How to deal with my anger?

Jan 16, 2023

 

QUESTION

Dear Venerable Robina,

 

I hope you had a happy birthday! I also hope you’re doing well this holiday season. Thank you again for giving me the opportunity to take vows with you, it’s been a really special and powerful experience.

 

Unfortunately, I’ve been struggling with a lot of feelings of anger and resentment lately, and it’s usually directed towards my parents. My upbringing wasn’t perfect, but looking back honestly it was very good, however there are many things in it I’ve been struggling to overcome, like physical violence.

 

I’ve been very fortunate to be able to discuss these things with my parents many years after they’ve happened, and I’ve been even more fortunate to find my parents responsive in some regards – even apologizing for much of what happened. Additionally, my parents have been extremely kind to me in other respects, and they’ve helped me get where I am today.

 

Despite this, anger still arises, and I just find myself blaming them for things going wrong – sometimes things they are completely unattached to! Additionally, I’ve been struggling with expressing genuine kindness to them, or wanting to reach out. I still try and do it, but deep inside it doesn’t always feel genuine because I carry all this anger and aversion towards them.

 

Since starting my practice, I’ve been able to not let the anger run my body and my mouth completely, I’m getting better at controlling my speech and being kind – but my mind still feels very toxic and it’s almost suffocating to be in there. Whenever this arises, I try to go through things logically, and I see all of what they’ve done for me, and not just their faults. This way the anger occasionally subsides. But it’s not so easy. These days my anger is really heightened, and any small stressor, even if unrelated to my parents, ticks it off inside my mind. It’s been helpful that I live far away from my parents, so I get a chance to zip my lips whenever this anger is around.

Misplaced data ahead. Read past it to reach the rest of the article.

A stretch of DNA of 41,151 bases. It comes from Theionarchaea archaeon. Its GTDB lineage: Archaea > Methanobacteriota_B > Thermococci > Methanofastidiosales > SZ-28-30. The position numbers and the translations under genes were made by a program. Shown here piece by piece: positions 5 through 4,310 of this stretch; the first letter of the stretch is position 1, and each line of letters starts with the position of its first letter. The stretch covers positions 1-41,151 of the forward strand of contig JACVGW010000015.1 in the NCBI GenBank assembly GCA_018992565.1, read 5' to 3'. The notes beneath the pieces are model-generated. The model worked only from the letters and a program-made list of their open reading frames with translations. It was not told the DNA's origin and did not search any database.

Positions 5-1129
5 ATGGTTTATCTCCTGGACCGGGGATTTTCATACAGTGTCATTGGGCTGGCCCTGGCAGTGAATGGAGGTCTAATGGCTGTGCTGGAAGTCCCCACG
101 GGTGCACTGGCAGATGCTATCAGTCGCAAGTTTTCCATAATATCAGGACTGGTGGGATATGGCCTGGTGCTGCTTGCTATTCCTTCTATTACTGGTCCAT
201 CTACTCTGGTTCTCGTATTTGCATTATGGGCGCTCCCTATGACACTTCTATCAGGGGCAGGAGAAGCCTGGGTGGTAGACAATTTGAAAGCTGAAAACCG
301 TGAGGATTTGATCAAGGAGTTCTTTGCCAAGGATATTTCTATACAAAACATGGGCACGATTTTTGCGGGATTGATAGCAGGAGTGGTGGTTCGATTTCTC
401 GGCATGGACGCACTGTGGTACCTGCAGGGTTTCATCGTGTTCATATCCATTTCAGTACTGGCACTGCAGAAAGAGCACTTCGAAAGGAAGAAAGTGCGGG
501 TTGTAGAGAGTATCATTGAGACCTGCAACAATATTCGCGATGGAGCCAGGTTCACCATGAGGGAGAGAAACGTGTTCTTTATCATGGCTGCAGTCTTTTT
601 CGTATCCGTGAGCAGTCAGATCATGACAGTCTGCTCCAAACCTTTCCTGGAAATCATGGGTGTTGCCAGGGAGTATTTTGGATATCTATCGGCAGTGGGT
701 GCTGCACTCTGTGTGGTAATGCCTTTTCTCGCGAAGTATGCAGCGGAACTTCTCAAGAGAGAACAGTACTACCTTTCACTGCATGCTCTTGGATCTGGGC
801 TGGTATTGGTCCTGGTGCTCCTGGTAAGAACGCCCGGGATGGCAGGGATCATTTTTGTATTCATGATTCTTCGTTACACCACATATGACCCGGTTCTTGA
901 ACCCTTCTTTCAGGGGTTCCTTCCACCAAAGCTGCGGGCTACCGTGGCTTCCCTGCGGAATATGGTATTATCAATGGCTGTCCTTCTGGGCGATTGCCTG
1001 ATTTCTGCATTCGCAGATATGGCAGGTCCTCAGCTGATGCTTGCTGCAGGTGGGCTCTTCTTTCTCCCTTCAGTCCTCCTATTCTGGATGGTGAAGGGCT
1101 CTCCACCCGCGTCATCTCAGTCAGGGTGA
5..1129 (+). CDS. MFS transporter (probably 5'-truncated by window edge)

It’s almost as if I just have this anger that arises, and it looks for anything external to blame. When it’s my parents and I’m able to show my mind that that’s unreasonable, I will just blame myself or be angry with myself. But none of it really has a valid basis when I sit down to analyze it. It’s true that I’ve had lots of negative experiences here and there, but those negative experiences aren’t here now, and I have a much more positive relationship with my parents nowadays.

 

Are there any particular practices you would advise in this regard? I already have a daily practice, and I’ve been doing my best to keep it – although some days I do fall off. I still struggle with keeping a daily habit, but practice is always in my heart.

 

Thank you so much for your time, Venerable Robina, I really appreciate it.

 

Kind regards,

J

 

ANSWER

Happy to hear from you, dearest J.

 

I understand exactly what you’re going through. But the interesting thing is that this anger has been there all the time! It’s just that now, because you’re practicing, you’re seeing your mind more clearly.

 

When we understand that anger is the response when attachment doesn’t get what it wants — you brought these delusions with you from the past so they’ve been there since the first second of you in this rebirth — then it’s clear that every time since as far back as you can go in your life that you were beaten or told off, etc., etc., then just naturally aversion would have arisen in your mind. Because, of course, attachment only wants nice things, nice treatment, pleasant words!